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The Question

I was terminated without cause with a four-week termination notice. I was asked to sign a release, but in response, I asked for severance for my four-plus years of service with them.

They refused to offer me a severance. Because I didn’t sign the release, my employer sent in my record of employment as a dismissal with cause to Service Canada. They didn’t provide me with termination pay. What course of action should I take now?

The First Answer

Charles Osuji and Claire Lee, Osuji & Smith Lawyers, Calgary

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There are a number of factors involved here, but mainly the issue of release and termination for cause. In the context of employment law, a release typically refers to a written document wherein the employee confirms their intent to release and discharge the employer from any potential and existing liabilities. An effective release may be used as a complete defence to a potential claim the dismissed employee may have against the employer. However, a release would have no real value if it were prepared on the basis that the dismissed employee receives only what they are already entitled to at law (e.g., the statutory minimum or contractual termination notice). In other words, there must be quid pro quo. In Alberta, you would be entitled to at least four weeks of termination notice based on your four-plus years of service; other provinces and territories provide a similar entitlement. Therefore, a release signed in exchange for nothing more than what you already deserve would not have had any force and effect.

Similarly, your employer cannot force you to sign a release in its favour, and your refusal to sign a release would not justify the employer’s decision to terminate the employment relationship for cause. Not to mention that your employment was already terminated on a without cause basis when they asked you to sign the release. While the analysis of “just cause” termination is highly contextual and fact-specific, the employer must prove that there was serious misconduct by the dismissed employee, such as fraud or theft, or that the employee failed to improve their performance despite express and clear warning and reasonable opportunity to do so.

In your case, if your refusal to sign the release was the only ground for the employer to allege cause, there was likely no sufficient basis for such an allegation. In light of the above, you may be owed the four weeks’ statutory minimum and more, subject to the terms of your employment.

The Second Answer

Amiri Dear, lawyer, Hummingbird Lawyers LLP, Toronto

You are not technically entitled to severance pay. This does not however detract from your employer improperly completing your record of employment as you were not terminated with cause.

“Severance pay” under the provisions of Ontario’s Employment Standards Act, 2000 (the “ESA”) is distinct from termination pay. Termination pay is given to an employee in lieu of notice and is calculated based on the number of years of employment, being one week’s wages for each year that s/he has worked for an employer up to eight years. Severance pay is an additional payment to which an employee is entitled if s/he: (a) has worked for the employer for more than five years; and (b) the employer has a payroll of at least $2.5 million or has severed the employment of 50 or more employees in a six-month period because all or a part of its business has recently closed.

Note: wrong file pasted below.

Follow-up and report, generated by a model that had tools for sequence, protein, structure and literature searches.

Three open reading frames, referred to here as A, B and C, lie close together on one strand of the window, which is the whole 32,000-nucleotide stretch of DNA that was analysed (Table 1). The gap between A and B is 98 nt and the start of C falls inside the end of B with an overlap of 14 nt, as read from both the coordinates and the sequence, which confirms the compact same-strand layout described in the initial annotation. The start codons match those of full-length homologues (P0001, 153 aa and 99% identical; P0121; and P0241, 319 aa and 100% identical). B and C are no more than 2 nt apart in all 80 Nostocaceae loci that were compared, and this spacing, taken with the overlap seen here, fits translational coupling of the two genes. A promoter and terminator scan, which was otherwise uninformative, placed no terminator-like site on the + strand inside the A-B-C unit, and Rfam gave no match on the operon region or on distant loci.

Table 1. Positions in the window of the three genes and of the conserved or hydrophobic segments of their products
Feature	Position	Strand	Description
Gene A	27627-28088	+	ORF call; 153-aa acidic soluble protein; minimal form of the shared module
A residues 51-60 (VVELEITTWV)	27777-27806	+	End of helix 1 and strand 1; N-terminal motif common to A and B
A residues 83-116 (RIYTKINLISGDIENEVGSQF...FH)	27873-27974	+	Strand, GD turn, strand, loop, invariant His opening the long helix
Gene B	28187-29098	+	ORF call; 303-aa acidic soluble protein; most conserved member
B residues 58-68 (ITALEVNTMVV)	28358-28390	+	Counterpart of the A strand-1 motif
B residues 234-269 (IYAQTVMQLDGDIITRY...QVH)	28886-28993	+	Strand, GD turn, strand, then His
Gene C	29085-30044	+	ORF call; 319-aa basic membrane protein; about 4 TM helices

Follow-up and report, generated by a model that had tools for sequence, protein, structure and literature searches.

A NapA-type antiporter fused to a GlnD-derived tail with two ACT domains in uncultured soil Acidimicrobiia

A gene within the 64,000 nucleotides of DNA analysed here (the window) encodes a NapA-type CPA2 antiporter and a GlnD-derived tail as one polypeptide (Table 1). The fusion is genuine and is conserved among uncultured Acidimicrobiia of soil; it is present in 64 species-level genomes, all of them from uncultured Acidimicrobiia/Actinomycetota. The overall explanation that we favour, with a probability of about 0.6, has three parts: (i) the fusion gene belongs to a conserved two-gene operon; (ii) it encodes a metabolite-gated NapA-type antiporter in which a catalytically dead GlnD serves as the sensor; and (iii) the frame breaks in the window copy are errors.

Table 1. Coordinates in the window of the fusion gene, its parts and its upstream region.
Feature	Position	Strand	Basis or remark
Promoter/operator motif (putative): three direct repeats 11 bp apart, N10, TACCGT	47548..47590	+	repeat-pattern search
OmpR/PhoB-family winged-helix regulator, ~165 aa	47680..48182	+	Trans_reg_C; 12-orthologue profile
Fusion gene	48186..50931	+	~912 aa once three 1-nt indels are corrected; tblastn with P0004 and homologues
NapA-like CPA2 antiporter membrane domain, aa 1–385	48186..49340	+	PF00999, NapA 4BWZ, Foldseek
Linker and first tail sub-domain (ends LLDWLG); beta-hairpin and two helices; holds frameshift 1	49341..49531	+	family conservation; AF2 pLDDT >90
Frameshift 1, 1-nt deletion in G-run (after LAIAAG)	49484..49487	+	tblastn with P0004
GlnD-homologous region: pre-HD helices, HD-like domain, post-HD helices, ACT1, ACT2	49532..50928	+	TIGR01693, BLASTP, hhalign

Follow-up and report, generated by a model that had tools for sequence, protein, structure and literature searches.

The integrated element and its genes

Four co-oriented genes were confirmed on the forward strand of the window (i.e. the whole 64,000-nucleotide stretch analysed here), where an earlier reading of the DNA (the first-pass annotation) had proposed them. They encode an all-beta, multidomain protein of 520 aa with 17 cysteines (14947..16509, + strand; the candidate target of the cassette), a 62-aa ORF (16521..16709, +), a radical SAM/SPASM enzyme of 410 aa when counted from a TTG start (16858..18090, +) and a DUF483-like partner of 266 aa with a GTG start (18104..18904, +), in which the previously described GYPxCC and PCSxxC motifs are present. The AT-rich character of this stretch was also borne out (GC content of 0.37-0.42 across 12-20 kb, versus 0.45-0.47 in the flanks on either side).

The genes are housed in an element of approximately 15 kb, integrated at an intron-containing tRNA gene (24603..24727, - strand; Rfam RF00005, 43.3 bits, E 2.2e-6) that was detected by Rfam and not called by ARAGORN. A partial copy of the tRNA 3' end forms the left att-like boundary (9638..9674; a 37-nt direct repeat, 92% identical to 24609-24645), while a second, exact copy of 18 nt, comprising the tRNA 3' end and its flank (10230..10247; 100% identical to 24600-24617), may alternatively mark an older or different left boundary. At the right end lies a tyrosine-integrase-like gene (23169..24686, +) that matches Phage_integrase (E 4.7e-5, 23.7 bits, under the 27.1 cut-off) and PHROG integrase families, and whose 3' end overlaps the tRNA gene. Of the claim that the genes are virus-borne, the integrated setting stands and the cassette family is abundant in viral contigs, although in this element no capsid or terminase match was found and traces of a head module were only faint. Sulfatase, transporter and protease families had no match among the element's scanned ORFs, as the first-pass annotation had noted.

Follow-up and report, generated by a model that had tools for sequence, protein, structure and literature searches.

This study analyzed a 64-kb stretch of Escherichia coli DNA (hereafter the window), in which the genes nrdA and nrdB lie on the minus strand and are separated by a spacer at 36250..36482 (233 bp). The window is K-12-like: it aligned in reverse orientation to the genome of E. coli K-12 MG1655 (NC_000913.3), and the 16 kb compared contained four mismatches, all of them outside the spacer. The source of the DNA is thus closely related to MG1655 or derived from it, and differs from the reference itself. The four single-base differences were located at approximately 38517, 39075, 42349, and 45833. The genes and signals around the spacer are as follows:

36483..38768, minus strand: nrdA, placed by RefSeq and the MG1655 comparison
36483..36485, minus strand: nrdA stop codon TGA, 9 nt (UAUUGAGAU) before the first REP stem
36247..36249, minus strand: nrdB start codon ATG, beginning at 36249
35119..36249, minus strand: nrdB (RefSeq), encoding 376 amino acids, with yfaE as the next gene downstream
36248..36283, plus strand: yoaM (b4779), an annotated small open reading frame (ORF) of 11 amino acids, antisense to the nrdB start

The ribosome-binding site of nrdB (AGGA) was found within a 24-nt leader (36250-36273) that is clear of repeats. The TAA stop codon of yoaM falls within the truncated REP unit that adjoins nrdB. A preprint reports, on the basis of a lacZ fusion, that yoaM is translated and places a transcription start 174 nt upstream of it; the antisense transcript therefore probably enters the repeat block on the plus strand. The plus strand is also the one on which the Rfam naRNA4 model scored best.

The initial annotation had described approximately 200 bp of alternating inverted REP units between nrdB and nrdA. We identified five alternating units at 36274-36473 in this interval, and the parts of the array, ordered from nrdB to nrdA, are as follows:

Both calculations with respect to termination and severance pay are set by the ESA. The employer cannot contract out of these provisions and must make payments regardless of whether a release is signed or not.

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Since your employment was less than five years, under the ESA, you would not be entitled to severance pay, however, you would be entitled to notice or termination pay in lieu thereof.

It is common for employers to ask that a release be signed upon someone’s employment being terminated, especially if they are making an additional payment over and above the statutory entitlements. You are entitled to minimum notice or pay in lieu of notice for a termination without cause. You may also be entitled to further common law damages, which equates to roughly one month’s pay for every year that you have worked for the employer.

The employer is not entitled to punish you for pushing back on your termination entitlements, and they have no right to change the reason for termination on your record of employment from “without cause” to “with cause”. This characterization may impact your entitlement to unemployment insurance and may have other impacts on your future employment.

I would advise you to seek the advice of an employment lawyer to assess your situation and initiate a demand on your behalf.

Have a question for our experts? Send an email to NineToFive@globeandmail.com with ‘Nine to Five’ in the subject line. Emails without the correct subject line may not be answered.

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